BUFFALO, N.Y. (WKBW) — A new a multi-faceted intervention program has been established to help teens impacted by gun violence in Buffalo.
The program takes children in Buffalo between 12 and 17 who are at risk of becoming the victim and/or the perpetrator of a shooting to participate in the pilot program, and focuses on issues of restorative justice, harm reduction and trauma-informed care.
“We are seeing too many young people directly involved in gun violence in Buffalo. Even worse, we have teenage shooting victims who later become a shooter and vice versa. Whenever possible, I want to give a second chance to teens who are on the wrong path or who have made a bad choice. This program provides immediate intervention and an opportunity for that teen, who may be at-risk of being shot on our streets or becoming involved in the criminal justice system, a chance to get some guidance and turn their life around before it’s too late,” said Erie County District Attorney John J. Flynn.
“The Buffalo Police Department Community Policing liaison, under the command of Captain Champion, and the Buffalo Police School Resource Unit, under the command of Chief Young, has collaborated with our community partners in an effort to provide resources and support to our youth who have been or potentially could be victims of gun violence. The Buffalo Police Department has a School Resource unit, dedicated to working alongside our youth within the schools as well as with parents and guardians in the community to provide assistance and resources. The Buffalo Police Department understands that the needs of our youth and their parents are often complex and require a different approach based on those needs. We proudly work with our community partners to help address those needs. We use an individual approach based off the relationships that our community police officers and school resource officers have built with the youth as well as the resources and expertise provided through the High-Risk Youth Team. Our youth and their parents/guardians face compounding challenges within the community, the goal of the school resource officers and community police officers in this collaboration is to reduce the harm that gun violence has on our youth and their families. We do this through teaching, coaching, mentoring, community services, social work outreach, and personal development. This allows us to build the character of our youth so that they understand decision making, consequences for those decisions, accountability, resiliency, and integrity. The end goal is to use our relationships with our youth and collaboration with the High-Risk Youth Team to aid our youth in becoming successful productive leaders in our community,” said Lt. Kelly Craig of the Buffalo Police Department.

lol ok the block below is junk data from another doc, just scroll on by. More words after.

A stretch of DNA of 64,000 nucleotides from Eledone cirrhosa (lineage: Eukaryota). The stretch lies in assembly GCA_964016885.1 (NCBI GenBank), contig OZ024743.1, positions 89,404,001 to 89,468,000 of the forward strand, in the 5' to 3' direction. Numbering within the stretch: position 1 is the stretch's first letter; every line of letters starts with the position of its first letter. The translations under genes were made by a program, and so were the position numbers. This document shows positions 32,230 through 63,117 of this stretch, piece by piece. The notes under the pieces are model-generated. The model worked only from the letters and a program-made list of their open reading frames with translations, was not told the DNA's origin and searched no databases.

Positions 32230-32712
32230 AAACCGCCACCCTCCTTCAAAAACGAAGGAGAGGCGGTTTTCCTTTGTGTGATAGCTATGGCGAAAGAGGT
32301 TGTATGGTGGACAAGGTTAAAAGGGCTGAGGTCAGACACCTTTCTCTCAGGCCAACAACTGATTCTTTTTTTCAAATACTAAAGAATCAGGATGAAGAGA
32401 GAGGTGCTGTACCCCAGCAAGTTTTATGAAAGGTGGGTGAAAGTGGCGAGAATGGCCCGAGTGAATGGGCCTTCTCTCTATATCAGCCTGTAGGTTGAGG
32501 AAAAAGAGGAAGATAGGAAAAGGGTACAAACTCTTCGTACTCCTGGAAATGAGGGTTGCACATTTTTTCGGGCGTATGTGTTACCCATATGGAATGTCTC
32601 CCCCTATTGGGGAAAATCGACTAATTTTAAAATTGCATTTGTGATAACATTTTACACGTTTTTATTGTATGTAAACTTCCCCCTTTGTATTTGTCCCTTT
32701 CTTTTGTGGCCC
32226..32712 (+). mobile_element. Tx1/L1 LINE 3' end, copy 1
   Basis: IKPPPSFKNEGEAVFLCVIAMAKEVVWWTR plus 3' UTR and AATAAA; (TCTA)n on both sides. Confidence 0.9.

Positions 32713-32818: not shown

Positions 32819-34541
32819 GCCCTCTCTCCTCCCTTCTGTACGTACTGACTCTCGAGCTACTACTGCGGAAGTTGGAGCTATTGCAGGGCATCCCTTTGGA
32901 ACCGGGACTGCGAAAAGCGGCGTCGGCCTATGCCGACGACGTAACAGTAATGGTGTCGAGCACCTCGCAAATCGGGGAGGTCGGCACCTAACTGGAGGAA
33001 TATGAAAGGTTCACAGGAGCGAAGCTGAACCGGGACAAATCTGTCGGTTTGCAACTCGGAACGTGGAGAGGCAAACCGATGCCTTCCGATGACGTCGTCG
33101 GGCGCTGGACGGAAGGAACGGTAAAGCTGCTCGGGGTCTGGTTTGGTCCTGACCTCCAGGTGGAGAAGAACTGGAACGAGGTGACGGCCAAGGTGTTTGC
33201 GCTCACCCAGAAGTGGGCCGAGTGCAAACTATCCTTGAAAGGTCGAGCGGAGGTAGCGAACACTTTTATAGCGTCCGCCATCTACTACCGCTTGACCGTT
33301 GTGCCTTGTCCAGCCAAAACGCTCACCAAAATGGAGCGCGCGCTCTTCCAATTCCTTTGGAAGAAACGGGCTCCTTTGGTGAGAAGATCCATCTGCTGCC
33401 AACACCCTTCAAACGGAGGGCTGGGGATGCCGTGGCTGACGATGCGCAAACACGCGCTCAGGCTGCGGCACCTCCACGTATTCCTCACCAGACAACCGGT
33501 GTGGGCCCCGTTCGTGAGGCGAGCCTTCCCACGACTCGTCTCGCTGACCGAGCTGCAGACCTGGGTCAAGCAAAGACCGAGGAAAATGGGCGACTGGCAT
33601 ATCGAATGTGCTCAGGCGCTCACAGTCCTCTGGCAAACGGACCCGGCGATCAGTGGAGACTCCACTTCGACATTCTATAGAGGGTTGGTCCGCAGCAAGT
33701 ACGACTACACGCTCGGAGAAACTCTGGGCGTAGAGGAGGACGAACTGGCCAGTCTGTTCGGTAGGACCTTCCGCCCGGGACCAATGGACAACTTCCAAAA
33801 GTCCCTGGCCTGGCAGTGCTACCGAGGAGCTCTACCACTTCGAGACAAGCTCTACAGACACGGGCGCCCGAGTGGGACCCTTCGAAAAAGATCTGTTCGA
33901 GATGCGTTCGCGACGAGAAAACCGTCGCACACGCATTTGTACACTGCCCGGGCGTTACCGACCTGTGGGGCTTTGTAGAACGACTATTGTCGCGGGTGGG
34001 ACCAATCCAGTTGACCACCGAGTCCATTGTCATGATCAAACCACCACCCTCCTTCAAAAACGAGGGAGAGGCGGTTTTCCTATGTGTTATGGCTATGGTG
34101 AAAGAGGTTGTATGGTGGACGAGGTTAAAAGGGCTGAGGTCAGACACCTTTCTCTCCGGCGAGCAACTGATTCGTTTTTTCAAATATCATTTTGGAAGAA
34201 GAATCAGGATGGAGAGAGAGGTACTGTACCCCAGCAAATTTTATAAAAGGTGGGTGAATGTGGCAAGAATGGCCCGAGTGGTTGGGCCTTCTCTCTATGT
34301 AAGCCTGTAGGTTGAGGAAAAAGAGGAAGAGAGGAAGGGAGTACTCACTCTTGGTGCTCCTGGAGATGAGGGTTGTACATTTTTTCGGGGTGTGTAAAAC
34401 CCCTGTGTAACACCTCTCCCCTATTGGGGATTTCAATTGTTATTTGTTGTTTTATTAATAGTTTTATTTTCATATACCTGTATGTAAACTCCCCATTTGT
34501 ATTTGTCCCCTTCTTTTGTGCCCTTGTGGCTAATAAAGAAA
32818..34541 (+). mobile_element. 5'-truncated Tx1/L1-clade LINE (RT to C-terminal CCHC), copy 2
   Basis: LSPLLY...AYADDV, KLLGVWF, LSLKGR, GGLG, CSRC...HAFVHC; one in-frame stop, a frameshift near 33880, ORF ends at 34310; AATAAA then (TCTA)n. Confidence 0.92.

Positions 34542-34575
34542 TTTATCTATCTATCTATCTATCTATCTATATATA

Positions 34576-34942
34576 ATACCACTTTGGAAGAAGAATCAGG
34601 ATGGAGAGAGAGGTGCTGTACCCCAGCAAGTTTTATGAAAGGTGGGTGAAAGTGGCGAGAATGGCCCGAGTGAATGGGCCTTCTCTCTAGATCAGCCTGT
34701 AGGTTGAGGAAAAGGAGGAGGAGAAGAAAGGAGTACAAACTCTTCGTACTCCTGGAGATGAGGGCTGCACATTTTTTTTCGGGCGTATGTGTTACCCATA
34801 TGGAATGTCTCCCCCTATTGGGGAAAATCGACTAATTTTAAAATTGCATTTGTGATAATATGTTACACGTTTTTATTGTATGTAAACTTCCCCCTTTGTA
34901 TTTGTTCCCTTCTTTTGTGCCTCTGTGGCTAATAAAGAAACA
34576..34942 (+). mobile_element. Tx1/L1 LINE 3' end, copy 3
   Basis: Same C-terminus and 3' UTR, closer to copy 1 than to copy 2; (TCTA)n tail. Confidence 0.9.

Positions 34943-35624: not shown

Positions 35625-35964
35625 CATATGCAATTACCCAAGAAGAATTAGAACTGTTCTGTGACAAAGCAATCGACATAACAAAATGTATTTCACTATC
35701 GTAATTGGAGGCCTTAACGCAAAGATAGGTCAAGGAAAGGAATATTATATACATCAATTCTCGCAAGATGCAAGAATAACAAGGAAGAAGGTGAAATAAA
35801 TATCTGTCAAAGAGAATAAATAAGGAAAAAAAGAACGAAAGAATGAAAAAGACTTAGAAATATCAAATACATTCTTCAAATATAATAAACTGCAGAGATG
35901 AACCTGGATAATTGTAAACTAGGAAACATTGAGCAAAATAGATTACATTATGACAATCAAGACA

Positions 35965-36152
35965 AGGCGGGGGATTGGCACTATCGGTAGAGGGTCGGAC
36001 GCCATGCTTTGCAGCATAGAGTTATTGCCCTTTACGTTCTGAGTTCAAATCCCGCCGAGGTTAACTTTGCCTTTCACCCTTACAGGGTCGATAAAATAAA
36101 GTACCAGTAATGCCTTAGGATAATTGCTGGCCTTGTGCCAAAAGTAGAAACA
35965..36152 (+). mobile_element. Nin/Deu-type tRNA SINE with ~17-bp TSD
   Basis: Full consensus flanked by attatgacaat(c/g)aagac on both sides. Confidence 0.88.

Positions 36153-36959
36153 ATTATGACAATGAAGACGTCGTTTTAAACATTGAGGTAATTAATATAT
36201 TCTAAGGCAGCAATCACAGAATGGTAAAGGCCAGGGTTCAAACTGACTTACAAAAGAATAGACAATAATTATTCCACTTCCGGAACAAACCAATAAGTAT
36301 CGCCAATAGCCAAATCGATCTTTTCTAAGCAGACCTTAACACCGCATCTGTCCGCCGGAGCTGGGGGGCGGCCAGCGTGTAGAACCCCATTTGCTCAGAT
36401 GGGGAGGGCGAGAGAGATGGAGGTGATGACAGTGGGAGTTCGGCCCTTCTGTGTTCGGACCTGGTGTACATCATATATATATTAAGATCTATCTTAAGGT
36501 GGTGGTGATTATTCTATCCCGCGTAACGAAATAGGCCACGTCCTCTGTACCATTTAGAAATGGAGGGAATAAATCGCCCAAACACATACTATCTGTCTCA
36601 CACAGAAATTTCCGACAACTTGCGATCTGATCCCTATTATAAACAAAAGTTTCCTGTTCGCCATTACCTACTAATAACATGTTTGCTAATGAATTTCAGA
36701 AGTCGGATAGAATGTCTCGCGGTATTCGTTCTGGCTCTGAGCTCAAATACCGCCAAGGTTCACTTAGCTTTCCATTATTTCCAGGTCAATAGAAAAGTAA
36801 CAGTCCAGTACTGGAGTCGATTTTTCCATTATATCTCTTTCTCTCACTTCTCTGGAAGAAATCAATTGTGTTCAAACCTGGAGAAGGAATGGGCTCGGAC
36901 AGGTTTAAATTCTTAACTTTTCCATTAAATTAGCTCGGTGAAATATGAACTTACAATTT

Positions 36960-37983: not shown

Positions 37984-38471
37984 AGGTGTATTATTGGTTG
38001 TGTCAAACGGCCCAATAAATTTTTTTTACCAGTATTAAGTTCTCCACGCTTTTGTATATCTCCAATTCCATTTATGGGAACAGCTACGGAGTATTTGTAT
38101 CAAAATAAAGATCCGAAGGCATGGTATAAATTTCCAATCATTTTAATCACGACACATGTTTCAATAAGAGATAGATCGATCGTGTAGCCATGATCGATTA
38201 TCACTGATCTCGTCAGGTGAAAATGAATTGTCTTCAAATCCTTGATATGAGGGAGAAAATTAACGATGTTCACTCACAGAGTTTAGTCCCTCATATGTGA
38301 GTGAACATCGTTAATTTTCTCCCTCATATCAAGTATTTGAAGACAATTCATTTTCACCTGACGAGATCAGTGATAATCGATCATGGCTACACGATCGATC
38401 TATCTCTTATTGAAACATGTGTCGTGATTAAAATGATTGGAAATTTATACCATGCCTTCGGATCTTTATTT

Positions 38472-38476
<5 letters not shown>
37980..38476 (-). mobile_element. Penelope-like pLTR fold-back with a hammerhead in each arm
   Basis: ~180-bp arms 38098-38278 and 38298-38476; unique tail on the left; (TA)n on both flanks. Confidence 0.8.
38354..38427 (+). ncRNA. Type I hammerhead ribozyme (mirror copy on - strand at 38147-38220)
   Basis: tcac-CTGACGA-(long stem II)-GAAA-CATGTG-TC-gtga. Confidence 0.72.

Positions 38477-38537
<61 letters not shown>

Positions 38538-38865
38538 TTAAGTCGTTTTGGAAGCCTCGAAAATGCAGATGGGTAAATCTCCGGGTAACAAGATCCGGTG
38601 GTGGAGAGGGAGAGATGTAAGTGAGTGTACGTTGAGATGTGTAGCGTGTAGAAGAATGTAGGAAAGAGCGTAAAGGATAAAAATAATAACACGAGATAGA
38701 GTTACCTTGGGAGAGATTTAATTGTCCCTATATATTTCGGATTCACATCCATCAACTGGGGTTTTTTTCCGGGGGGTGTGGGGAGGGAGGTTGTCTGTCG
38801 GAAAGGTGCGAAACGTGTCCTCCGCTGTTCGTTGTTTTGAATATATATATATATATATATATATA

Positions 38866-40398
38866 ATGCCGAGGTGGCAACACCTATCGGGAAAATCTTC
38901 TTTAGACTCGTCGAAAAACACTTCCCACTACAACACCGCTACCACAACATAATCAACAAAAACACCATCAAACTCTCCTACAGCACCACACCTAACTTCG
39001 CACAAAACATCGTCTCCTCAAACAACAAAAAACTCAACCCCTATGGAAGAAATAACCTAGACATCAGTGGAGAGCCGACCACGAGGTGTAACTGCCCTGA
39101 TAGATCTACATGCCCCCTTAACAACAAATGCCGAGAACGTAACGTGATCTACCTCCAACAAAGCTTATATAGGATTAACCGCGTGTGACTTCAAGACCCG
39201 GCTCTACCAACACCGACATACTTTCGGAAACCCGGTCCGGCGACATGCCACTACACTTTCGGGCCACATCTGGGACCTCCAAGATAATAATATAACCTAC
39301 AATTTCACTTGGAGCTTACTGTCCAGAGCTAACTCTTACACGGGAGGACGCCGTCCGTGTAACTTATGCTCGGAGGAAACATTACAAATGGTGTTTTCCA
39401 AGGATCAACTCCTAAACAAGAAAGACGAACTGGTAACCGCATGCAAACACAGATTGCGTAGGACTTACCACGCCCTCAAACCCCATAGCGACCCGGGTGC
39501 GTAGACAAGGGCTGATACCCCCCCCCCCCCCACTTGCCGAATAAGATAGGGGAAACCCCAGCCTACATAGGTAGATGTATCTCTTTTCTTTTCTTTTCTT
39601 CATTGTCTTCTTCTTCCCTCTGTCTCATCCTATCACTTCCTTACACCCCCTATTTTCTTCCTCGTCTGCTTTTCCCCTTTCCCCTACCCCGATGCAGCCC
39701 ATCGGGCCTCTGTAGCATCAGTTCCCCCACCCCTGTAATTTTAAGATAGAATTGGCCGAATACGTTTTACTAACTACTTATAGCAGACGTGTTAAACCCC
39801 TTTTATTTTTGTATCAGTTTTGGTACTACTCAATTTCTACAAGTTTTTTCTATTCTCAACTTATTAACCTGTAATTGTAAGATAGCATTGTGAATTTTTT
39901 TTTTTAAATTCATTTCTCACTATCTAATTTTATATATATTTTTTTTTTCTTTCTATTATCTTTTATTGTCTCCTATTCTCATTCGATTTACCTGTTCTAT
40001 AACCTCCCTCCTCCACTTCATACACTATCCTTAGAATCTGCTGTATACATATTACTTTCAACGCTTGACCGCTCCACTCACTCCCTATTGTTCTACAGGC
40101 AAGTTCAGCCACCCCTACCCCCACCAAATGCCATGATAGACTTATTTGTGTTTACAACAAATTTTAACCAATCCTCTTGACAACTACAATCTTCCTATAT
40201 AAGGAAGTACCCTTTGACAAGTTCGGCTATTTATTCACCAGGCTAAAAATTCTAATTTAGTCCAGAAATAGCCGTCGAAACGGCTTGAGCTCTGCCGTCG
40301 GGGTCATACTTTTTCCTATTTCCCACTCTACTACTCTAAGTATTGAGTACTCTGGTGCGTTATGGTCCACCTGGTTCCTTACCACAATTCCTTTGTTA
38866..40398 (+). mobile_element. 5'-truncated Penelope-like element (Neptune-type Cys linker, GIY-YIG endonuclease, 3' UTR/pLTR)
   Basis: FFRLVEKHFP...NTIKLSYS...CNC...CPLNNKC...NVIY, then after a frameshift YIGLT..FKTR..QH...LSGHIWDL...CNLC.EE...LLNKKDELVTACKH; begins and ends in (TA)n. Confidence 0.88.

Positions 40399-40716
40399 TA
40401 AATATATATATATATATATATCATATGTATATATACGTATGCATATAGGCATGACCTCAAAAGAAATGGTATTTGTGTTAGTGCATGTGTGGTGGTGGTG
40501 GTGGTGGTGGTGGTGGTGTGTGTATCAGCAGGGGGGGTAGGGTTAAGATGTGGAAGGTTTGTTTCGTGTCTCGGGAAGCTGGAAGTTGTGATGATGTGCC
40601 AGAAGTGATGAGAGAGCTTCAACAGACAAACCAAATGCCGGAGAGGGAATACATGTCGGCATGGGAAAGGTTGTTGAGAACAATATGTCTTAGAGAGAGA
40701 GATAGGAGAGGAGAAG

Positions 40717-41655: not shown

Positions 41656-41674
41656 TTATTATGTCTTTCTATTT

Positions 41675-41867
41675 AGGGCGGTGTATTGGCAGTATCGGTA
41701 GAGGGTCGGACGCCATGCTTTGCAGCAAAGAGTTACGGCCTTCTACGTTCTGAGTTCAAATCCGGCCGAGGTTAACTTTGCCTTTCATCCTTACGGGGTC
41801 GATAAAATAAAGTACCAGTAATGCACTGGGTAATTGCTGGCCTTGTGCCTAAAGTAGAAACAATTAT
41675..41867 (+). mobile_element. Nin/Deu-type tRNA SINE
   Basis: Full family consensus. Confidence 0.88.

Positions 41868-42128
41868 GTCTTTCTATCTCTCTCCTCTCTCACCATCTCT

“Violence is a public health epidemic that has impacted our youth in devastating ways. By collaborating and building on local capacity our goal is to connect these adolescents with resources for school success, job readiness, health and most importantly address the individual’s trauma,” said Paula Kovanic Spiro, Program Coordinator of B.R.A.V.E. at ECMC.
The team works with teens to develop a plan designed on the specific needs of each participant to figure out what they need, and parents are allowed to participate.